Architecture school selection


Each school of architecture is different from the next. Some can be worlds apart. Aside from geographical and financial differences, schools differ in course structure, course focus, collaboration vs non-collaboration, the emphasis on writing, the emphasis on design…etc. Many applicants panic when choosing a school because they worry that traits from each school may force their own interests. Graduates get employed and become different sorts of architects, academics and practitioners than if they studied elsewhere, and this can be daunting. 

Fear not. You can be any architect you want to be, at any school, as long as you remain your own person with your own interests. There is no requirement set by any school which suggests you must do similar work to any of the other students there, and you will find that your own originality and personality will be an asset to your development.

What’s to look out for, when selecting a school?

Design? Theory?

Top schools are excellent at synchronizing design courses with theory courses. However, it is known that, for example, Cambridge is a little more theory focused than the Bartlett, and this reflects in the students and what those students get up to. Hopefully, however, you’ll let the wonders of theory and design interweave as they self-inherently do. That being said, at the end of the day, will you be designing something? Will you be designing for 50% of the year of 90%? Do you take issue with this? Would you rather 50%? Look up the course schedule on the school’s website.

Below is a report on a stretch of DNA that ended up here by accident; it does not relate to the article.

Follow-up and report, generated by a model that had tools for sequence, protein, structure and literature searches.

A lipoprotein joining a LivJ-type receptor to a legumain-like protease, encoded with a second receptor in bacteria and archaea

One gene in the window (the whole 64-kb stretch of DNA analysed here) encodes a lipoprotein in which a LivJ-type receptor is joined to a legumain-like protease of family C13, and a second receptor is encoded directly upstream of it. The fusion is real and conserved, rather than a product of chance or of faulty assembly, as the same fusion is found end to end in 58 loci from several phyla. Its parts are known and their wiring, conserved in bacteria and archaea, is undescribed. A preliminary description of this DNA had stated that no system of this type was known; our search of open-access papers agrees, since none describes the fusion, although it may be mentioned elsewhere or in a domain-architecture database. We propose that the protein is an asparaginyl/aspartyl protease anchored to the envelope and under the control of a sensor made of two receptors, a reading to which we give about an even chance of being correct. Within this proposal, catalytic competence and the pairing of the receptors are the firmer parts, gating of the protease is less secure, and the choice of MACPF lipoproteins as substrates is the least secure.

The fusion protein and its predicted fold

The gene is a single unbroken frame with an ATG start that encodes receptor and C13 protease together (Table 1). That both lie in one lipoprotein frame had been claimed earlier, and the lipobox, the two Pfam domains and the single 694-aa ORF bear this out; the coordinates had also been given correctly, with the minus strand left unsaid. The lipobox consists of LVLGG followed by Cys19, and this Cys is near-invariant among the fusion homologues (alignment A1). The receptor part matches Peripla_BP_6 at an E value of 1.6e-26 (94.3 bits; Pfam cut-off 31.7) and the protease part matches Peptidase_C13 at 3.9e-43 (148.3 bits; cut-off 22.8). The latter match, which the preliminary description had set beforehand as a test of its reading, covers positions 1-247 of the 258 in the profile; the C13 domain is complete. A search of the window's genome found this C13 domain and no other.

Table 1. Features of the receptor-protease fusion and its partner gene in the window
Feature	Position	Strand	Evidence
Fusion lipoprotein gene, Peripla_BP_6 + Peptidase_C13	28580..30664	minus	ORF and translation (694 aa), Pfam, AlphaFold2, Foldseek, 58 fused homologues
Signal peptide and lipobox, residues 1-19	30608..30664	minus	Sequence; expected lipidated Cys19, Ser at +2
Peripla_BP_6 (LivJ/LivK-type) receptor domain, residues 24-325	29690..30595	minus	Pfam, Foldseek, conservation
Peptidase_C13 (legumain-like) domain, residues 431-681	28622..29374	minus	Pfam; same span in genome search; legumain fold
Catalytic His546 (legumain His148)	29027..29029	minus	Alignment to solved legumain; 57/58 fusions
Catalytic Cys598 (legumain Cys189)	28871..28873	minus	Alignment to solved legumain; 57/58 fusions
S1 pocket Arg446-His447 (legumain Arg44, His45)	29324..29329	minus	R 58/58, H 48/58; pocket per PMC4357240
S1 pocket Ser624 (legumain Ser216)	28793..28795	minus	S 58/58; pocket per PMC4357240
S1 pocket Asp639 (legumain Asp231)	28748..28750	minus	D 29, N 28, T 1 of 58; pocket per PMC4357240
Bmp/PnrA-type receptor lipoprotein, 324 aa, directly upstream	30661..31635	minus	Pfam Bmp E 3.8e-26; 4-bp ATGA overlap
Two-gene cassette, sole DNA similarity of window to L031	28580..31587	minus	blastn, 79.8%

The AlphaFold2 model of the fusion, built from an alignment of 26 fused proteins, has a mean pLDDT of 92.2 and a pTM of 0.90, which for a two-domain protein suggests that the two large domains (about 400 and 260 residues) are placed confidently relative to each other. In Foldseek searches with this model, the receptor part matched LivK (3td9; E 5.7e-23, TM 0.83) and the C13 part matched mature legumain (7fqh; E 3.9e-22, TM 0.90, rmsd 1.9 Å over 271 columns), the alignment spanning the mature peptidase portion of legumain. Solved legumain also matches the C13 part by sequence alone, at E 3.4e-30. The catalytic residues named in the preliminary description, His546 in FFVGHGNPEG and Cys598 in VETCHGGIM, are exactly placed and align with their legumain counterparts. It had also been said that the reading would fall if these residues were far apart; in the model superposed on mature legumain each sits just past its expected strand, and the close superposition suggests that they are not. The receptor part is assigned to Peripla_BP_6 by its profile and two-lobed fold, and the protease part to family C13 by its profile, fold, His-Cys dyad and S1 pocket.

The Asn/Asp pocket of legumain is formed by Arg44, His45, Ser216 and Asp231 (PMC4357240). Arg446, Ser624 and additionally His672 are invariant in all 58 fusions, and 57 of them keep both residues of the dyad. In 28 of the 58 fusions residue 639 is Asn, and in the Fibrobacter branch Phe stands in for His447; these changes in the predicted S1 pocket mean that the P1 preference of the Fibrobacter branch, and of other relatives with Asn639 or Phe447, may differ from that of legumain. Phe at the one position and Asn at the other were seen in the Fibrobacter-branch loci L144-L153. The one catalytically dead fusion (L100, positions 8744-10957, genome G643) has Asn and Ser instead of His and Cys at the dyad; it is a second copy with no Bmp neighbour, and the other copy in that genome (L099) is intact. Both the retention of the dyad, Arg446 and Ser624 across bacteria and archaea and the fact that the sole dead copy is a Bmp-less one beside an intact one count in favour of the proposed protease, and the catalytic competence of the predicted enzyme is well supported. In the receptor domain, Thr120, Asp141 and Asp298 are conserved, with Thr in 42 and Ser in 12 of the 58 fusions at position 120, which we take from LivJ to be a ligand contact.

Look up the schools, see who teaches there, and check if you find any or all of them interesting. It’s good to be at least vaguely on the same page as your educators. Schools are made of people and you’ll see them 24/7. Make sure you like what they’re up to.


Aside from tuition fees, costs per school are roughly the same. Materials and studio gear may set you back around $1500 per year. More experienced masters students tend to pay more for their materials and gear. The odd student may drop $3k on an SLS 3D print, but that’s entirely their decision, will not in any way lead to them getting a better grade (professors generally know how much things cost), and is absolutely not required of any student.

While there are these three factors, there are many other things that may be important to the individual student such as location, VISA issues, and just generally how you feel about a school. Sometimes you just know that you want to go to that one school in particular, and that can be enough.

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